This is an unspeakably tragic story. As a parent, it is the kind of story that makes me fearful of the world that my children will inherit.
Before moving to Grande Prairie from the Vancouver Island city of Nanaimo, Darren Steinke and his sister, Heather Work, would often get stern lectures from their mother about the dangers of doing drugs.
As an employee of Edgewood, an addiction rehabilitation centre in Nanaimo, their mother understood through her experiences there that doing drugs is a gamble – except the user never wins and everyone, including family and friends, loses.
It’s why Steinke, 29, cannot understand why his 25-year-old sister decided to take an ecstasy pill the night of Sept. 11, which ultimately led to her death two days later.
“Because of ( our mother ) we’ve always grown up anti-drug, she was always anti-drug and for whatever reason, she decided to try ecstasy,” he said.
On Sept. 11, a Friday, Steinke was in Whitecourt visiting his twin brother. Work was at her home in Grande Prairie’s east-side Creekside neighbourhood with her husband, four-year-old daughter and two-year-old son.
According to Steinke, it wasn’t long after taking the pill that Work developed arrhythmia, and blood stopped flowing to her brain, causing it to start swelling. She began coughing up blood, and then “she collapsed in her kitchen at about 3 a.m.”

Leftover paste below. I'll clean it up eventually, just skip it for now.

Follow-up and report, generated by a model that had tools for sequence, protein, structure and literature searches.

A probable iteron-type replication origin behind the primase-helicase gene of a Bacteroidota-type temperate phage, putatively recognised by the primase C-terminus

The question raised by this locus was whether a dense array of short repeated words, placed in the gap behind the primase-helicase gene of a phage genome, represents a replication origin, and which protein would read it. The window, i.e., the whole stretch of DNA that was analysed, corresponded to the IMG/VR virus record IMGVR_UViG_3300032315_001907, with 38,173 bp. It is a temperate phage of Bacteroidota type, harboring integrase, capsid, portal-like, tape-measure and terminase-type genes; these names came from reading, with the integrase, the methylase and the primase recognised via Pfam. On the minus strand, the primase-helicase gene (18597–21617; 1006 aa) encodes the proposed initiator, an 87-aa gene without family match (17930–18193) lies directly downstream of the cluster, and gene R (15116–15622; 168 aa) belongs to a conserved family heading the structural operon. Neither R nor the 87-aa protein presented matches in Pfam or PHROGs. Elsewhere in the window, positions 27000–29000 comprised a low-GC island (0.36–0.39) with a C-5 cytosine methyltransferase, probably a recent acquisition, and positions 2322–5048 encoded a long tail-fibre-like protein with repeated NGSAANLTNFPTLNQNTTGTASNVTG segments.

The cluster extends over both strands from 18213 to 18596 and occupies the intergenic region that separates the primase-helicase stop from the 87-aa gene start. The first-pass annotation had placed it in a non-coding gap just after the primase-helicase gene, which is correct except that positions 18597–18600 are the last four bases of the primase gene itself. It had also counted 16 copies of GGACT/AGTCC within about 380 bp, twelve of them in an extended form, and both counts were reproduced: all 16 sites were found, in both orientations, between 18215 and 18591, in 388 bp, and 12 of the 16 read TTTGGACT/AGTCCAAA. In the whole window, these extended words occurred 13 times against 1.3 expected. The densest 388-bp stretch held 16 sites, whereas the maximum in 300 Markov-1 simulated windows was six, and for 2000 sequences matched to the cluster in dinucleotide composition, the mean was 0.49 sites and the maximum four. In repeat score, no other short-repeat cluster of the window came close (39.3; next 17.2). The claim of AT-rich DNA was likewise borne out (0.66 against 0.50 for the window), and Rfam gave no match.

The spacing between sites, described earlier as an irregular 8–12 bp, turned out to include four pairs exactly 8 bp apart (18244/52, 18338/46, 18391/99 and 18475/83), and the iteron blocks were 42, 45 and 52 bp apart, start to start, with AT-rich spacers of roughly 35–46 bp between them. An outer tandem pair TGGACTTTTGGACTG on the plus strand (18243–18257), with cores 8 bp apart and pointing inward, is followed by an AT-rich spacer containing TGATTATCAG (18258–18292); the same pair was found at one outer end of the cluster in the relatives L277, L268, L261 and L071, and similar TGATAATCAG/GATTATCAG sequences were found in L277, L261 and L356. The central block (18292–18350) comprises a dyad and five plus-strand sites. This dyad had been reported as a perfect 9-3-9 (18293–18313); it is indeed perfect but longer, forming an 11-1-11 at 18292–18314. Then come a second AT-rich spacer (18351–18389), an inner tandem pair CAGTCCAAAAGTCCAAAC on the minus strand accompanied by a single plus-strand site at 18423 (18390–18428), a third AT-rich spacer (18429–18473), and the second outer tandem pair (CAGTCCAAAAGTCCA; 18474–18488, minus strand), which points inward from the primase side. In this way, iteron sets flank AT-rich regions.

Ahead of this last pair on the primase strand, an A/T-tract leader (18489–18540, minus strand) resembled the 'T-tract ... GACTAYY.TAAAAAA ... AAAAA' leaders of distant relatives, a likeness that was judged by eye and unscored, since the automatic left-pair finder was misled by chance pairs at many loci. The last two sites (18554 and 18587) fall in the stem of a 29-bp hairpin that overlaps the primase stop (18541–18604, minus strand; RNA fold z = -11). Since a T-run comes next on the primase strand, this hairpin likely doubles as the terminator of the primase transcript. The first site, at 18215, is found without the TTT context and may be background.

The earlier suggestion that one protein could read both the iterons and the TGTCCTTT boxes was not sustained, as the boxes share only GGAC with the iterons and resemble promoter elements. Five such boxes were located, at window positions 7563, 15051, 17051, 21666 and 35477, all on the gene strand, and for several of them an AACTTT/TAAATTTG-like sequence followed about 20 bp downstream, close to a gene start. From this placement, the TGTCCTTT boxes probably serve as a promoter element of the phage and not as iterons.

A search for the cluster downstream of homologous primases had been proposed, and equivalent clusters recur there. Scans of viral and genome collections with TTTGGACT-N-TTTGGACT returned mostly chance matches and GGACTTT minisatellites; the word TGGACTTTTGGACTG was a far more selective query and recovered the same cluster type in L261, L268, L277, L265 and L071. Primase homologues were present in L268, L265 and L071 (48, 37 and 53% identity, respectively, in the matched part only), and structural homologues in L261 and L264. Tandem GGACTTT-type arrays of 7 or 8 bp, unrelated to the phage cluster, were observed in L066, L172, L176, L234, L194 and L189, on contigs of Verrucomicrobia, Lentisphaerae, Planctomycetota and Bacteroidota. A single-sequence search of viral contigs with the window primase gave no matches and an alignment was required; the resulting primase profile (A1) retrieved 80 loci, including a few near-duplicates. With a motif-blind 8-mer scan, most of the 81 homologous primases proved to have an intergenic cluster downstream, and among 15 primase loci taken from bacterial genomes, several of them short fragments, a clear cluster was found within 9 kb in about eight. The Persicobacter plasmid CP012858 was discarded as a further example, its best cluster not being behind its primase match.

Saturday morning he got a call from one of Work’s friends that she was in the hospital in a drug-induced coma and he immediately returned to Grande Prairie along with his brother. Their parents flew in from Nanaimo.
After attempting to control the swelling in her brain by cooling her body temperature, doctors informed the family early on the Sunday morning that there was no neurological activity and that she was most likely clinically brain dead before she arrived at the hospital.
“That’s how quickly it happened ( after ingesting the pill ),” Steinke said.
A toxicology test confirmed there was no evidence of alcohol or any other drugs in her system, Steinke said. However, he also said it is unknown at this time if the ecstasy was laced with any other chemical that may have played a part in her sudden death.
“It’s hard to tell,” he said. “They don’t know, and that’s one of the dangers of ecstasy.”
This is an unspeakably tragic story. As a parent, it is the kind of story that makes me fearful of the world that my children will inherit. The headline “One Bad Choice Cost Her Her Life” is right. But the bad choice was not taking the pill. That was a normal choice, one that millions of people make each week. The bad choice was not even Heather’s. It was our collective decision to prohibit drugs and thus to create incentives for them to be laced with or mixed with unknown substances.
The reaction that Heather had does not happen with MDMA (the ingredient in real “Ecstasy”). As her brother points out, one of the big dangers of synthetic drugs on the black market is that you simply do not know what is in them. I would be very, very surprised if the pill was pure MDMA. But if drugs were legal and sold to adults in regulated markets, Heather would have known exactly what was in that pill and it would not have been laced with anything. And she might well still be alive.